Friday, November 8, 2013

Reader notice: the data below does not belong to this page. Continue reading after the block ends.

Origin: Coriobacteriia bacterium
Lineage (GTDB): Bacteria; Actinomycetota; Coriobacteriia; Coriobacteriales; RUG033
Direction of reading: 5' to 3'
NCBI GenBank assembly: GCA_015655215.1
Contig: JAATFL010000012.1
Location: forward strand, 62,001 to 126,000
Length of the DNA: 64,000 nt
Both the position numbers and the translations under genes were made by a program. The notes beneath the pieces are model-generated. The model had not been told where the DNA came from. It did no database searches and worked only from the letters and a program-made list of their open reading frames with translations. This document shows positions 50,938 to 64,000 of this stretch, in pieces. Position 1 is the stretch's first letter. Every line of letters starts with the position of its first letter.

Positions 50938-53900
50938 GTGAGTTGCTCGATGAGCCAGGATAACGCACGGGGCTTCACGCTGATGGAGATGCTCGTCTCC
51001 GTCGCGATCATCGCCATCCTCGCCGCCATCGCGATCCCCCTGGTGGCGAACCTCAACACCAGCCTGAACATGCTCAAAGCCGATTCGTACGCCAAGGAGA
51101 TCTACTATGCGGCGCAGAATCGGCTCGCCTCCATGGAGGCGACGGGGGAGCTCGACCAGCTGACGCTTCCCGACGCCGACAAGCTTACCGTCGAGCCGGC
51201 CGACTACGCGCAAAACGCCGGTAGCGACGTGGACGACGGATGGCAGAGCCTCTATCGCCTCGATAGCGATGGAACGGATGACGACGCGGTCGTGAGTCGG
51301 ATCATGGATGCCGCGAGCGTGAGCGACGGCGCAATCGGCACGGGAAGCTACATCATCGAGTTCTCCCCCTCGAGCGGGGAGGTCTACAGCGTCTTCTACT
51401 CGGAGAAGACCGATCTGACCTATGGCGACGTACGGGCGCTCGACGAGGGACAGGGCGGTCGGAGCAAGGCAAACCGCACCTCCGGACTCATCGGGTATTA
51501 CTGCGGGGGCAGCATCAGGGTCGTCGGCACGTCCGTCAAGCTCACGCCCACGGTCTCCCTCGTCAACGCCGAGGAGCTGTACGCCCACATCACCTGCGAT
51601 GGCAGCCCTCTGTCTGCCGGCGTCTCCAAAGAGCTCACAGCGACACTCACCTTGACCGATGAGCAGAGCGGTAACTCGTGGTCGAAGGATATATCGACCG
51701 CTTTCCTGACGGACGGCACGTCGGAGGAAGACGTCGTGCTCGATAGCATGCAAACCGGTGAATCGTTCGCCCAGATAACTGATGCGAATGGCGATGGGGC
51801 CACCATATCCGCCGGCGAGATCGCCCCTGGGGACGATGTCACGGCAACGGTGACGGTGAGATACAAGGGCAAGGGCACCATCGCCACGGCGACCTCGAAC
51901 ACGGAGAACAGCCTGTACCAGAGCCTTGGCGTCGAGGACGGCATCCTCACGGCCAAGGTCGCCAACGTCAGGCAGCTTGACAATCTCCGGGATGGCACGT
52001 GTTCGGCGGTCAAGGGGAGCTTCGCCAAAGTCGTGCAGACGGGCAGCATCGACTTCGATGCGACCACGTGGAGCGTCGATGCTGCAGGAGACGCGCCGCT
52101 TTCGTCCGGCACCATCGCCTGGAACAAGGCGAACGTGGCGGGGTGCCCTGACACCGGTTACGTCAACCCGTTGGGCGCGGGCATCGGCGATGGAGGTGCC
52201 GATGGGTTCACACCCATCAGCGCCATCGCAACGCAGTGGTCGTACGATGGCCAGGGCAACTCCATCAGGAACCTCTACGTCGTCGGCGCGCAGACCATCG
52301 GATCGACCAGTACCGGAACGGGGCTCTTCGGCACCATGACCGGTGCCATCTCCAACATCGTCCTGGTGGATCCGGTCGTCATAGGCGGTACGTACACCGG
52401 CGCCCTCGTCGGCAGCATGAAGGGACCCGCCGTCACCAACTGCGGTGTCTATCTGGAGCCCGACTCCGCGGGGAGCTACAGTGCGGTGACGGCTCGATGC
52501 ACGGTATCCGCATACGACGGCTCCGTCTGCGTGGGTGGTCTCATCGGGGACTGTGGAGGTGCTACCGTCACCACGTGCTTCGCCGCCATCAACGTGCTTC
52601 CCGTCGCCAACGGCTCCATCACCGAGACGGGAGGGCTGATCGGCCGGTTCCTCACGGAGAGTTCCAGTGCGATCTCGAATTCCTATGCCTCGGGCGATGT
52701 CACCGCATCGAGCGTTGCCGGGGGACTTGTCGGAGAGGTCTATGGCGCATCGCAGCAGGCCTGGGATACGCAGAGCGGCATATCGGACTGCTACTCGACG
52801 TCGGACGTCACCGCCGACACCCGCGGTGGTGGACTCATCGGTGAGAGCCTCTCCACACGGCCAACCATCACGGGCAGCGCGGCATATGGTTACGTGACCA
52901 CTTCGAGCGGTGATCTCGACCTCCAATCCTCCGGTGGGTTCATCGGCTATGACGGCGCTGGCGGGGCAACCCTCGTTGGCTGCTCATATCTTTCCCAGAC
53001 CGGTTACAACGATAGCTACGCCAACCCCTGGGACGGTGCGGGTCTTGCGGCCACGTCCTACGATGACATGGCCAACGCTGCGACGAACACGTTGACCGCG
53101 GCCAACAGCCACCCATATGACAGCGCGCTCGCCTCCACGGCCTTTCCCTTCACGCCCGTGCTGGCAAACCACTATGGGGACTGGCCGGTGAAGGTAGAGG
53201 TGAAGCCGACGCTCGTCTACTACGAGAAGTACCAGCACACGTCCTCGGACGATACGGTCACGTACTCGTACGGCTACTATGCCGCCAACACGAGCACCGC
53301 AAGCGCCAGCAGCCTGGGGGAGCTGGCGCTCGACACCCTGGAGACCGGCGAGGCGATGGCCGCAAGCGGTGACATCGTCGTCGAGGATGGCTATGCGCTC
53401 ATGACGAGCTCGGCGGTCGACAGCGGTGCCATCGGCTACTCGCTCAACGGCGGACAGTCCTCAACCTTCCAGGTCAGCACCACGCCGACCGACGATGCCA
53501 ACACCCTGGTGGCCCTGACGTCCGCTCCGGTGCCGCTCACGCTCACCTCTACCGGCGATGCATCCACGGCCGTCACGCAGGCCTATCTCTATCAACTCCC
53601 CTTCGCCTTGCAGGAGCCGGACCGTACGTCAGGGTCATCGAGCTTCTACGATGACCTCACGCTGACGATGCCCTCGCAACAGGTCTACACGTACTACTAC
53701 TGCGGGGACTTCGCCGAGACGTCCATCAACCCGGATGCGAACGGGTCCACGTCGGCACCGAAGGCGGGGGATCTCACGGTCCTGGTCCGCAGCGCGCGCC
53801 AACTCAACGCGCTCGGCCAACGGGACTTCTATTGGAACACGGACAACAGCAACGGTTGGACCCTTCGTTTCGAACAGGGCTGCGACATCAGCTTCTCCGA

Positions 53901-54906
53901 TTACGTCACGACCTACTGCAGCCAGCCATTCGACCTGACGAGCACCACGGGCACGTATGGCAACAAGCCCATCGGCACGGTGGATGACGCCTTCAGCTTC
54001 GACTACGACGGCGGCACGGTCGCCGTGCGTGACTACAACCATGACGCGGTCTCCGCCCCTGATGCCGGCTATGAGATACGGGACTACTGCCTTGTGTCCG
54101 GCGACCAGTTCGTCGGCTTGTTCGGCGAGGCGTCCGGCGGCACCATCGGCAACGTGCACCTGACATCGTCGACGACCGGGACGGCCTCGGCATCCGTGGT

LG elections conundrum The Local Government (LG) elections ordered by the Supreme Court (SC) are becoming more and more controversial. On Thursday, a consensus emerged across the aisle in the National Assembly (NA) to not hold elections that would suffer from inadequate preparation and may end up becoming less than credible if not engender the usual round of accusations and counter-accusations that the process had been non-transparent if not rigged. Although the unanimous resolution of the NA to delay the LG elections until preparations were completed satisfactorily is not binding, it does reflect the misgivings of the political class as a whole that the SC's insistence on holding these elections on November 7 in Sindh and December 7 in Punjab and Balochistan, over and above the Election Commission of Pakistan’s (ECP’s) reservations regarding printing the millions of ballot papers required and delimitation of constituencies, may lead to a great deal of ruction if a flawed election process is conducted. While it is understandable that the SC’s insistence is rooted in the sorry track record of political governments in holding LG elections in the past, making haste now despite the obvious obstacles to a credible and transparent process does not inspire confidence. Underlying the NA resolution, and reflected in the speeches made on the floor during discussion on the issue, is parliament’s resentment of an overbearing and interventionist judiciary that has seen fit to venture into areas normally within the purview of the executive or parliament. Lest anyone conclude that the role of the superior judiciary in this matter is all controversy, the decision by the Lahore High Court (LHC) overturning the intent of the Punjab government to hold LG elections on a non-party basis, is a clear verdict upholding the LHC’s interpretation of the relevant Articles of the constitution that militate in favour of political parties-based local elections. However, the SC is seen as leaning on the ECP to hold the elections in November/December come hell or high water, and in turn the ECP is leaning on the Sindh and Punjab governments to complete the delimitations, etc, in time. The federal government, in the person of Finance Minister Ishaq Dar, has also expressed the difficulties in printing the required ballot papers by the Printing Corporation of Pakistan within the 20-25 days available, while the NA opinion tilted in the direction of rejecting any attempt to farm this task out to private printing presses as this could not be considered free of the apprehension of mistakes and even deliberate manipulation. Ishaq Dar said it was not appropriate for the executive to get involved in having the ballot papers printed as this may give rise to controversies regarding the transparency and accuracy of the process. If all this were not enough, nine parties in the Balochistan Assembly want the ‘bogus’ voters lists used for the May general elections revised by the ECP, failing which the LG elections would not reflect the will of the people. The above iteration of the controversy surrounding the LG elections is enough to make one’s head spin. The whole furore owes its origins to the insistence of the SC on holding the elections irrespective of the problems pointed out by the ECP, the NA, and the federal government. Sympathy for the consideration of the SC that neither the ECP nor the politicians should be allowed to once again ‘sabotage’ the holding of local bodies elections cannot and should not blind us to the possibility that elections held without proper preparation and in haste despite all the roadblocks could end up with a whimper rather than a bang. There is no denying the necessity and importance of having elected local bodies as the lowest rung of the democratic edifice, but that rung must be seen to have been constructed transparently and credibly according to the provisions of the constitution, law and best democratic practice. Falling short on these standards would not lend credence to any local bodies that may emerge as a result of a flawed process. It is still not too late for the state’s institutions, the executive, parliament and the judiciary to put their heads together and sort out the anomalies in the present plan. The heavens will not fall if the local bodies are elected a few months later, provided that in the process all the wrinkles in the process are ironed out.